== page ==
“In the hotel industry, two-story buildings are not favored” says Albert. “The major brands don’t want to give you a franchise.” Hilton and Starwood both said no. The Salvaticos didn’t even bother pitching Marriott, predicting what the response would be. Then the elder Salvatico took notice of the quirky Indigo chain, which was launched in 2004 and is part of the InterContinental Hotels Group. There are more than 30 locations, including one in Manhattan’s Chelsea neighborhood. “We were intrigued by this brand because of its boutique nature,” he explains. “It’s not standardized, not cookie cutter. Every one is different from the last one. It’s much more in the European style. You don’t tear a building down. You retrofit it to make things for a different purpose.”
To attract Indigo’s interest, and to compensate for the unfashionable location, they knew they had to come up with an eye-popping design concept. “Riverhead has been in a period of decline,” says Albert. “So now you got a double whammy against you. An unattractive building and a town that doesn’t have the cachet of being upscale.” They turned to Morris Nathanson Design, a firm in Pawtucket, Rhode Island, that had designed the Manhattan restaurants Oceana, Heartland Brewery and the P.J. Clarke’s locations at Lincoln Center and the Financial District.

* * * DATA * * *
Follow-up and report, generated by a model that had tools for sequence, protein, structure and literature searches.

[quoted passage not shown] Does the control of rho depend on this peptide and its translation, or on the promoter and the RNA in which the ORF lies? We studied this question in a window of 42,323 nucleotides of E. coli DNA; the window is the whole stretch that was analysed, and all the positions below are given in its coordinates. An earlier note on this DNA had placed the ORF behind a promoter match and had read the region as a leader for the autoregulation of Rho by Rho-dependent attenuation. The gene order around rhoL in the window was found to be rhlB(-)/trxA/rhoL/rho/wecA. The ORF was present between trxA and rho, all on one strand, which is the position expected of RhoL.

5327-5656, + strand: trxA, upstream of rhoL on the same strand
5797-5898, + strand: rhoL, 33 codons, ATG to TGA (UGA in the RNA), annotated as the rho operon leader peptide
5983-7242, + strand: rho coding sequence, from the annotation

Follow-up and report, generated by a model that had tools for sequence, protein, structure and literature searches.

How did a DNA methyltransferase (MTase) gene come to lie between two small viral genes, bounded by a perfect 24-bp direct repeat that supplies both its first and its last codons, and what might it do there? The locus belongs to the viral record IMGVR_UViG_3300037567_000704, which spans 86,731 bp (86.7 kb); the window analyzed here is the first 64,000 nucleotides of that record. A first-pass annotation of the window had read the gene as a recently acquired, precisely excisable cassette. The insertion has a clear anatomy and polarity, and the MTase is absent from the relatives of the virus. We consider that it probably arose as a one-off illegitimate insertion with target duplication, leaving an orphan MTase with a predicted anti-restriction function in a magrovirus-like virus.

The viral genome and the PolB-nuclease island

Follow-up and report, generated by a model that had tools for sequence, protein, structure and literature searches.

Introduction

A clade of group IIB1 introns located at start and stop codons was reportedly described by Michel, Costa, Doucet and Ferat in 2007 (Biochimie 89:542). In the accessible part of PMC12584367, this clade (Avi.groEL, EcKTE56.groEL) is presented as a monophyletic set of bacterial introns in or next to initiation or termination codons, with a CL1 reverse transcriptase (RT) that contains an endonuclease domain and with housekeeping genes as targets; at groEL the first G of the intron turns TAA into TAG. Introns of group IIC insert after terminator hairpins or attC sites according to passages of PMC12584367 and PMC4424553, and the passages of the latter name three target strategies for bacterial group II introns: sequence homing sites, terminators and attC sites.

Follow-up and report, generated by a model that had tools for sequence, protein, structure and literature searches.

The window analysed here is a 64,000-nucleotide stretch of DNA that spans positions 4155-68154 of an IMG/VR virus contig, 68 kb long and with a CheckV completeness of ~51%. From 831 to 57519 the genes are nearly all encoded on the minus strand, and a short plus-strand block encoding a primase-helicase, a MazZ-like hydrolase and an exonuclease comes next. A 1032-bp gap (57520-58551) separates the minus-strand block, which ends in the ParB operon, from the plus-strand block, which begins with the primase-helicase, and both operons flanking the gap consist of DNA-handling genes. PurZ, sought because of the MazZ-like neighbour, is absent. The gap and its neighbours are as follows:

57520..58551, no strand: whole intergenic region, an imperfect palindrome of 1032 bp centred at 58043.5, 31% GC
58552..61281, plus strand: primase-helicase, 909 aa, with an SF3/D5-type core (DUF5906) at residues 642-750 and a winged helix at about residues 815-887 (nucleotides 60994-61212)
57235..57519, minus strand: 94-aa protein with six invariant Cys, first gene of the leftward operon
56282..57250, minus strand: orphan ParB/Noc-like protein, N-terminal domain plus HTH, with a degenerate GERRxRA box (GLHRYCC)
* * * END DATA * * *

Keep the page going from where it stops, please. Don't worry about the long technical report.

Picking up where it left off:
“The colors are meant to reflect eastern Long Island, the sand, the water, very muted, even the wood tones,” says Rob Salvatico of the retro-flavored design, which, despite the building’s 1972 birthday, smacks more of the early 1960s. They wanted to create a connection to the local viticulture, but didn’t want to overdo it. Instead of blown-up pictures of vineyards and grapes, a small, understated photo of a barrel was placed by every room door. “That’s our nod to the wineries. We wanted to be modest.”
Indigo went for it, and construction began. Soon, the Salvaticos’ busy minds turned to food. They had an arrangement with a local caterer, but weren’t happy. “I went downstairs to the computer,” remembers Albert. “I couldn’t sleep. I typed into the computer: ‘Hampton Caterers.’ I came up with four names,” including Black Tie Caterers, then co-owned by Lia Fallon. He called up each of the businesses to see if they’d be interested in taking charge of a new hotel restaurant. “Lia was the only one who called back.”